Purchasing new hardware? Read our latest product comparisons

Hands-on: Samsung Galaxy Note 4


September 3, 2014

Galaxy Note 4 (Photo: Will Shanklin/Gizmag.com)

Galaxy Note 4 (Photo: Will Shanklin/Gizmag.com)

Image Gallery (21 images)

The Galaxy Note 4 will almost certainly be the most popular product Samsung revealed today. But, in many ways, it's also the tamest. Sitting next to a Jetsons-like smartwatch, a virtual reality headset and a phablet with a wrap-around display, the Galaxy Note 4 is, well, a little predictable.

But that isn't necessarily a bad thing. While these other devices show Samsung trying to push the envelope, the Note 4 is more of an iteration of Samsung's most popular innovation.

The Note 4 has a 5.7-in screen. That's the same size that we saw in the Note 3, but the Note 4's version gives you 78 percent more pixels. The new phablet's Quad HD display looks terrific. Is it a huge upgrade over 1080p? Well, my eyes didn't see a huge difference in the hands-on area, but I'm sure we'll have much more to say after spending some extended time with the device.

Physically, the Note 4 looks and feels a lot like the Note 3. It's roughly the same size, and carries the same faux leather finish as its predecessor (minus the fake stitching). And yes, it skips the dimpled look that we saw on the Galaxy S5 and Galaxy Tab S.

Another feature that the Note 4 didn't borrow from the GS5 is water resistance. I suppose it makes sense, as a waterproof Note would require some sort of covering over the slot where you stash the S Pen.

The Note 4 also delivers an upgraded 16 MP rear camera along with some optical image stabilization (OIS) tagged on this time. Samsung is also promising brighter images shot in low-lit conditions with the new camera. Oh, and there's also a panoramic selfie mode tied to the front shooter (perhaps Samsung's product placement team will find use for this at next year's Oscars).

One feature that might not get much press – but that could end up being a big addition – is the Note 4's quick charging. When using the default Samsung charger, Samsung says that the phablet's battery can jump from 0 to 50 percent in just 30 minutes.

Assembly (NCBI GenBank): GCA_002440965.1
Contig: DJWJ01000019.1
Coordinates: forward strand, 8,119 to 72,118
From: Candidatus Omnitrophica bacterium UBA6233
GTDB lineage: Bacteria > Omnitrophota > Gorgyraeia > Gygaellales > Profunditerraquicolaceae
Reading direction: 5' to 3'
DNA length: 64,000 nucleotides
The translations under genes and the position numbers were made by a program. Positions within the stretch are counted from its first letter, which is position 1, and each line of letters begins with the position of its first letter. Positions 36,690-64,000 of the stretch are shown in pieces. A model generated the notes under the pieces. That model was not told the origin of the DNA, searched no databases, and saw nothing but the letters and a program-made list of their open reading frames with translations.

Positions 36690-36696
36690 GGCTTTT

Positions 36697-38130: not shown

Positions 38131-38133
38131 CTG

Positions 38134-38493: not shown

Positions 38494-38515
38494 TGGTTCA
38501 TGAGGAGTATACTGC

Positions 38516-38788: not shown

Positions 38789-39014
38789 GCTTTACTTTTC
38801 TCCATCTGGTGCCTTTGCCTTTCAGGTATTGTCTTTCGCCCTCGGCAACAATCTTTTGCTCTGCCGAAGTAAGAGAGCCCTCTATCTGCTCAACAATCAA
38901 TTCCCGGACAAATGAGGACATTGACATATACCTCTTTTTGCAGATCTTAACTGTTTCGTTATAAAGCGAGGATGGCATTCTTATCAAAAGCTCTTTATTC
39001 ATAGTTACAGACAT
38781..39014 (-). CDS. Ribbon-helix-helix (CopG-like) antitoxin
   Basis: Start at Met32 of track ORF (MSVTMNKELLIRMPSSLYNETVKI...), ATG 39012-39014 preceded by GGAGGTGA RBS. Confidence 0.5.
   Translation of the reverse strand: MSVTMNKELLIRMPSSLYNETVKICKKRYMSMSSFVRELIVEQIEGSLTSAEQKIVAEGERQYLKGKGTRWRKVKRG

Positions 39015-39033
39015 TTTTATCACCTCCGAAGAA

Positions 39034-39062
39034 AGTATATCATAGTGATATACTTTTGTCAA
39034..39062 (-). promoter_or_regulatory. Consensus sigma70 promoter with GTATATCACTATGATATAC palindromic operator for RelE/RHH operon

The GS5's Ultra Power Saving Mode, which limits available apps to turn 10 percent battery into 24 hours of uptime, also makes the leap to the Note 4.

Being a Galaxy Note, we naturally have a stylus onboard. It would have been nice to see a more premium look and feel for the new S Pen, but the Note 4's pen feels, more or less, like the same stubby little piece of plastic that we've seen in previous Notes. Samsung does say that the new pen is more responsive, with more lifelike brushing, than previous models. I played with it in the hands-on area, but we'll need to take much more time before jumping to conclusions about those claims.

One nice little touch that a rep demoed for me: after jotting a note (something the Note series has always been good at), you can now drag and drop it onto your home screen. There it will live as a little virtual post-it note. When you're done, just drag it to the trash.

The new Note also lets you select multiple items (like images in the Gallery app) just by dragging the pen over them. It's positively mouse-like.

Gizmag will have much more on the Galaxy Note 4 as we moved towards its launch. Pricing info isn't known yet (those pesky US carriers tend to prevent us from knowing things like this in advance), but we know that it will launch this October.

For more on Samsung's IFA 2014 announcements, you can check out our hands-ons with the Galaxy Note Edge, Gear S smartwatch and Gear VR.

About the Author
Will Shanklin Will Shanklin is Gizmag's Mobile Tech Editor, and has been part of the team since 2012. Before finding a home at Gizmag, he had stints at a number of other sites, including Android Central, Geek and the Huffington Post. Will has a Master's degree from U.C. Irvine and a Bachelor's from West Virginia University. He currently lives in New Mexico with his wife, Jessica. All articles by Will Shanklin

Love it.

Mark Keller

To waterproof the Note 4, rather than cover the hole where the pen slots in, let the water enter the slot but not the phone. Thus the slot itself will actually be external to the phone (although integrated as part of the phone) to allow sealing of the phone for waterproofing. Water can then enter the slot but not the phone. I doubt the plastic stylus will be overly concerned with being wet.


The Samsung Note 4 is the best smartphone you can find today, the only thing I will add to this phone is making it waterproof.

That is not a must have feature for me, I never use any smartphone under water.

If you want a waterproof smartphone; the Samsung Galaxy S5 is your choice. http://www.gizmag.com/galaxy-s5-review/31699/


preordered already!!!! can't wait


The port where the charger plugs into the Note 3 is absolutely HELLISH. It takes the precision of a nuero-surgeon to get that little thing to slide into the port, which I am sure causes some damange, not to mention a waste of time, and purely impossible to do without good light. If they don't fix that in the new one, they're not paying attention.

Greg Liotta
Post a Comment

Login with your Gizmag account:

Related Articles
Looking for something? Search our articles